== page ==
Reworking Established Nodes


New technology markets and a flattening in smartphone growth has sparked a resurgence in older technology processes. For many of these up-and-coming applications, there is no compelling reason to migrate to the latest process node, and equipment companies and fabs are rushing to fill the void. As with all electronic devices, the focus is on cost-cutting. But because these markets are likely ... » read more

The Race To 10/7nm


Amid the ongoing ramp of 16/14nm processes in the market, the industry is now gearing up for the next nodes. In fact, GlobalFoundries, Intel, Samsung and TSMC are racing each other to ship 10nm and/or 7nm technologies. The current iterations of 10nm and 7nm technologies are scaled versions of today‚Äôs 16nm/14nm finFETs with traditional copper interconnects, high-k/metal-gate and low-k diele... » read more

What Drives SADP BEOL Variability?


Until EUV lithography becomes a reality, multiple patterning technologies such as triple litho-etch (LELELE), self-aligned double patterning (SADP), and self-aligned quadruple patterning (SAQP) are being used to meet the stringent patterning demands of advanced back-end-of-line (BEOL) technologies. For the 7nm technology node, patterning requirements include a metal pitch of 40nm or less. This ... » read more

The Week In Review: IoT


Conferences The Internet of Things World conference is on tap next week at the Santa Clara Convention Center in Silicon Valley. There will be more than 250 exhibitors on the show floor, with 11,000 attendees expected. More than 400 speakers will make presentations over three days, May 16-17-18. ON Semiconductor will have a number of IoT-related products to demonstrate at its booth, including i... » read more

Inside Lithography And Masks


Semiconductor Engineering sat down to discuss lithography and photomask technologies with Gregory McIntyre, director of the Advanced Patterning Department at [getentity id="22217" comment="IMEC"]; Harry Levinson, senior fellow and senior director of technology research at [getentity id="22819" comment="GlobalFoundries"]; David Fried, chief technology officer at [getentity id="22210" e_name="Cov... » read more

Photoresist Shape In 3D


Things were easy for integrators when the pattern they had on the mask ended up being the pattern they wanted on the chip. Multi-patterning schemes such as Self-Aligned Double Patterning (SADP) and Self-Aligned Quadruple Patterning (SAQP) have changed that dramatically. Now, what you have on the mask determines only a part of what you will get at the end. You will only obtain your final product... » read more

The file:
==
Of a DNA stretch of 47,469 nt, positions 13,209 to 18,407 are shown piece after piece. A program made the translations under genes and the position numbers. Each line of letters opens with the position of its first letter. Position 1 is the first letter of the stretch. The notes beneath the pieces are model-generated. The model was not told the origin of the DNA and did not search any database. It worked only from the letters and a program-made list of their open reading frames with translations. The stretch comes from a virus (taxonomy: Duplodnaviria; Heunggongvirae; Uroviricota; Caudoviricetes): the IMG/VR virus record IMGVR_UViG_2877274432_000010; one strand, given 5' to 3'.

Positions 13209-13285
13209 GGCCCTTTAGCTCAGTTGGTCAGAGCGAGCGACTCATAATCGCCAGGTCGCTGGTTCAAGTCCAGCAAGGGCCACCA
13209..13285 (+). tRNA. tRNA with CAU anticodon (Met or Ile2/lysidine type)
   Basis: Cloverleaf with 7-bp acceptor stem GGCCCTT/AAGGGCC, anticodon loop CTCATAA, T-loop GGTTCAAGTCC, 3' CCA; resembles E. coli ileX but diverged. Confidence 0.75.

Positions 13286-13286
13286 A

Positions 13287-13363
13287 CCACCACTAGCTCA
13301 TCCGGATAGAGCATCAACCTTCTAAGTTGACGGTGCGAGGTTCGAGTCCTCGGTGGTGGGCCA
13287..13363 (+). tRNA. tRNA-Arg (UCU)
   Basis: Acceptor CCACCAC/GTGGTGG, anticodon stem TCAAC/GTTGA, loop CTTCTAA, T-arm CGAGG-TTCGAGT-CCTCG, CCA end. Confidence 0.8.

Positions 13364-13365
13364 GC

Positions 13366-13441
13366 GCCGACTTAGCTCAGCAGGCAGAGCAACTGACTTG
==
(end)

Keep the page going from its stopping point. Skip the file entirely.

Understanding How Small Variations In Photoresist Shape Significantly Impact Multi-Patterning Yield


Multi-patterning schemes such as Self-Aligned Double Patterning (SADP) and Self-Aligned Quadruple Patterning (SAQP) have been used to successfully increase semiconductor device density, circumventing prior physical limits in pattern density. However, the number of processing steps needed in these patterning schemes can make it difficult to directly translate a lithographic mask pattern to a fin... » read more

Inside Next-Gen Transistors


David Fried, chief technology officer at [getentity id="22210" e_name="Coventor"], sat down with Semiconductor Engineering to discuss the IC industry, China, scaling, transistors and process technology. What follows are excerpts of that conversation. SE: In a recent roundtable discussion you talked about some of the big challenges facing the IC industry. One of your big concerns involves th... » read more

Inside Lithography And Masks


Semiconductor Engineering sat down to discuss lithography and photomask technologies with Gregory McIntyre, director of the Advanced Patterning Department at [getentity id="22217" e_name="Imec"]; Harry Levinson, senior fellow and senior director of technology research at [getentity id="22819" comment="GlobalFoundries"]; David Fried, chief technology officer at [getentity id="22210" e_name="Cove... » read more

Patterning Problems Pile Up


Chipmakers are ramping up 16nm/14nm finFET processes, with 10nm and 7nm now moving into early production. But at 10nm and beyond, chipmakers are running into a new set of problems. While shrinking feature sizes of a device down to 10nm, 7nm, 5nm and perhaps beyond is possible using current and future fab equipment, there doesn't seem to be a simple way to solve the edge placement error (EPE)... » read more

← Older posts